The Consumer Electronics Show isn't usually known for having a video game presence, but this year it was home to two big announcements: Valve was entering the hardware market with its own Steam Box console, and it would also support third-party platforms like Xi3's Piston.
It's not clear when Valve's own system will be revealed, but Piston is scheduled to be the world's first Steam Box, and it's arriving just in time for Christmas with a 2013 holiday season launch.
Even better for Valve fans is that Xi3 is currently taking pre-orders for the Piston, which will be available in three models (128GB, 256GB and 512GB). The bad news? The Piston starts at $1,000.
Xi3 will try to soften the blow by offering a $100 discount to early adopters, but either way you slice it, that's a lot of money.
According to Xi3, the company is taking pre-orders because it is concerned it wouldn't be able to meet demand. This way, the company can calculate how many units to produce.
"Given the amount of awards, media attention and gamer interest the PISTON Console has generated since it was unveiled at CES 2013 in January, we've become seriously concerned that we will not be able to meet the demand for Piston Consoles this year," said Jason A. Sullivan, founder, president and CEO of Xi3 Corporation, in a press release. "That's why we have decided to begin accepting pre-orders on our Piston Console, beginning today."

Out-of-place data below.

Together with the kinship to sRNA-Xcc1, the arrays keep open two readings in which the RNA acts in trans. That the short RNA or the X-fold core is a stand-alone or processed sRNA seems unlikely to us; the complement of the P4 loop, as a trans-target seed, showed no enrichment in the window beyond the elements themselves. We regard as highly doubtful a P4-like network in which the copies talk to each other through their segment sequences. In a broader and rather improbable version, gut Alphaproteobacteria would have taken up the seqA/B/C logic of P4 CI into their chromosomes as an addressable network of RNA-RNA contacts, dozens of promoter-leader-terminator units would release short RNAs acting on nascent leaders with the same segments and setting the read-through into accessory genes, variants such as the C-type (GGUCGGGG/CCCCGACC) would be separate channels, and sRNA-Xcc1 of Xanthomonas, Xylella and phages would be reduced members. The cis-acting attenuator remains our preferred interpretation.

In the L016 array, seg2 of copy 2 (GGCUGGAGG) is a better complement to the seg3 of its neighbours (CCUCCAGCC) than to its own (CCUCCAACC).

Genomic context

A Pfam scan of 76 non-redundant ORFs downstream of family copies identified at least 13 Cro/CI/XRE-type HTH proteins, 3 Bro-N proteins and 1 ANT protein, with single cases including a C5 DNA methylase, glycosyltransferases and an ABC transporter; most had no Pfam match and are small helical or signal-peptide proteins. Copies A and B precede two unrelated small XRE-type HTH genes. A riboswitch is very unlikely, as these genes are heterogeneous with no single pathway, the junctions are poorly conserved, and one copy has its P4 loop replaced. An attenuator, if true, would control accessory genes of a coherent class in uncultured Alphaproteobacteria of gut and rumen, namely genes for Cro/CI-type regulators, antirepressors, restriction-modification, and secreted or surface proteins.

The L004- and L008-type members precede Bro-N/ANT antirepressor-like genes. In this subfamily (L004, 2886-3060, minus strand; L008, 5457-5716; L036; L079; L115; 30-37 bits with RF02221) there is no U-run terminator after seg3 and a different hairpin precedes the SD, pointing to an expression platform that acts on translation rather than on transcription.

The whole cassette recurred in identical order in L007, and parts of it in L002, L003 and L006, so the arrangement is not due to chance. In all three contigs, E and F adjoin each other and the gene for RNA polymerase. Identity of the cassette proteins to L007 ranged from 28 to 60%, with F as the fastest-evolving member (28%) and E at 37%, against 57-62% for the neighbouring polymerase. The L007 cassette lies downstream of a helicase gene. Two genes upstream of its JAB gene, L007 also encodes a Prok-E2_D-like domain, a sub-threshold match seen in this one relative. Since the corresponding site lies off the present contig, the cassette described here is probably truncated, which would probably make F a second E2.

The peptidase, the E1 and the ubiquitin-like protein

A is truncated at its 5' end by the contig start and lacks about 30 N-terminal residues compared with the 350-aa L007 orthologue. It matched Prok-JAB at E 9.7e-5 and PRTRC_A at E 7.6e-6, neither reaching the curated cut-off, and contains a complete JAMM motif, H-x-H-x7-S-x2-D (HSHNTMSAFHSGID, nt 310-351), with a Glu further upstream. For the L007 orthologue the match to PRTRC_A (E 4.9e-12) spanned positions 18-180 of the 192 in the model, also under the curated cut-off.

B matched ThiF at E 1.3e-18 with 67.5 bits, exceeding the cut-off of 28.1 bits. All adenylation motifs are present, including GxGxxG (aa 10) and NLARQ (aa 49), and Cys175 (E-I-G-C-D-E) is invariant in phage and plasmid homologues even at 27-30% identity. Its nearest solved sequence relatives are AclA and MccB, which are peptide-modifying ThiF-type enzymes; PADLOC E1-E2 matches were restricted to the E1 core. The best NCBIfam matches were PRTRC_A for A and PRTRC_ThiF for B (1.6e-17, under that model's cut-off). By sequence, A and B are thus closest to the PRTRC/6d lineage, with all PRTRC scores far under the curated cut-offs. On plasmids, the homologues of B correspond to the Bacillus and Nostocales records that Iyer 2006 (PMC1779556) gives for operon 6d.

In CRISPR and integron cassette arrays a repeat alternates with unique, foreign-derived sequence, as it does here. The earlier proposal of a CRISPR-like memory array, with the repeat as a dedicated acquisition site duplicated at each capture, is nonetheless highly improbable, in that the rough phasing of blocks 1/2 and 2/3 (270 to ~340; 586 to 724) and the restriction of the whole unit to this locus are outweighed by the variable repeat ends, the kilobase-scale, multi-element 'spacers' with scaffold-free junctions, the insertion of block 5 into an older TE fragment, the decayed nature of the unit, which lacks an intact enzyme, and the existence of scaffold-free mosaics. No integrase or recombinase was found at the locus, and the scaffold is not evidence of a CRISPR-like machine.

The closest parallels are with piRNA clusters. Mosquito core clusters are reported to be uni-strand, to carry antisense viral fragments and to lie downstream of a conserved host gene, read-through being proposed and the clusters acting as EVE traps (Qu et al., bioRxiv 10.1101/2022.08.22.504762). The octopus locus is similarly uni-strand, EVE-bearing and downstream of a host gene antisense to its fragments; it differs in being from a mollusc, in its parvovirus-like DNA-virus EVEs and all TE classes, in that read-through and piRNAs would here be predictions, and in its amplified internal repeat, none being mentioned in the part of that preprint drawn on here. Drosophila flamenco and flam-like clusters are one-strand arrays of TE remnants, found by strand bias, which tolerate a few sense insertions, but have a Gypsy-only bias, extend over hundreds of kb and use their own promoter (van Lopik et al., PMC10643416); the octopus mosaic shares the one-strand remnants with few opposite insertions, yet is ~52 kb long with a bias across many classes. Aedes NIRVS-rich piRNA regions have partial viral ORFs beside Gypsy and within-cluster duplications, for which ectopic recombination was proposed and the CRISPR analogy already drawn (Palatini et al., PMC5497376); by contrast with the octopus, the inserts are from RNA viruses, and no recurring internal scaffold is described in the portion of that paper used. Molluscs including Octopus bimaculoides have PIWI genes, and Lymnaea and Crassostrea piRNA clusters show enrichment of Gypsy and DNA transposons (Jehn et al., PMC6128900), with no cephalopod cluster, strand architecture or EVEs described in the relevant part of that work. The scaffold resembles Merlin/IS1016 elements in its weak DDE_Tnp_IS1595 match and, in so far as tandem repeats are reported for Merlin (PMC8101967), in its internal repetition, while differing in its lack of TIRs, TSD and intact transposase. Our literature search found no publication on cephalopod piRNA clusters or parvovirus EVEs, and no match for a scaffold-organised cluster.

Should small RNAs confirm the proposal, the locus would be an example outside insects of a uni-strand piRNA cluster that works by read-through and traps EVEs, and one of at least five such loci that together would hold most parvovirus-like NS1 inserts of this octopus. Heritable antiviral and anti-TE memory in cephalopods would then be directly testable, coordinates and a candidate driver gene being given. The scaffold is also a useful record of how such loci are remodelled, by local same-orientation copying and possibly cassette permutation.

The Piston will be powered by Valve's Steam, an online service that can be used to purchase and play games. The Piston will stream any title available on Steam and play it on an HDTV. The system is only the size of a grapefruit, but it packs 8GB of DDR3 RAM, a Radeon 7000-series GPU and a 3.2Ghz AMD Trinity Quad Core processor.
"Clearly, the computer/video gaming market is huge, both in the personal computer and traditional console markets," Sullivan stated. "That being said, we believe there is a crying need for a machine that captures the best of both worlds, with the upgradeability of computer gaming rigs and the design and form factor of consoles. We believe our Piston Consoles do exactly that-deliver the beauty and small size of consoles with the upgradeability of computers."
The emergence of mobile devices as game-playing platforms has shifted the gaming industry significantly, and the Piston is an attempt to wrest power away from the likes of Sony, Nintendo and Microsoft and toward PC platforms. It's too early to tell if it'll stand a chance, but in a landscape as fast-changing as video games, anything can happen.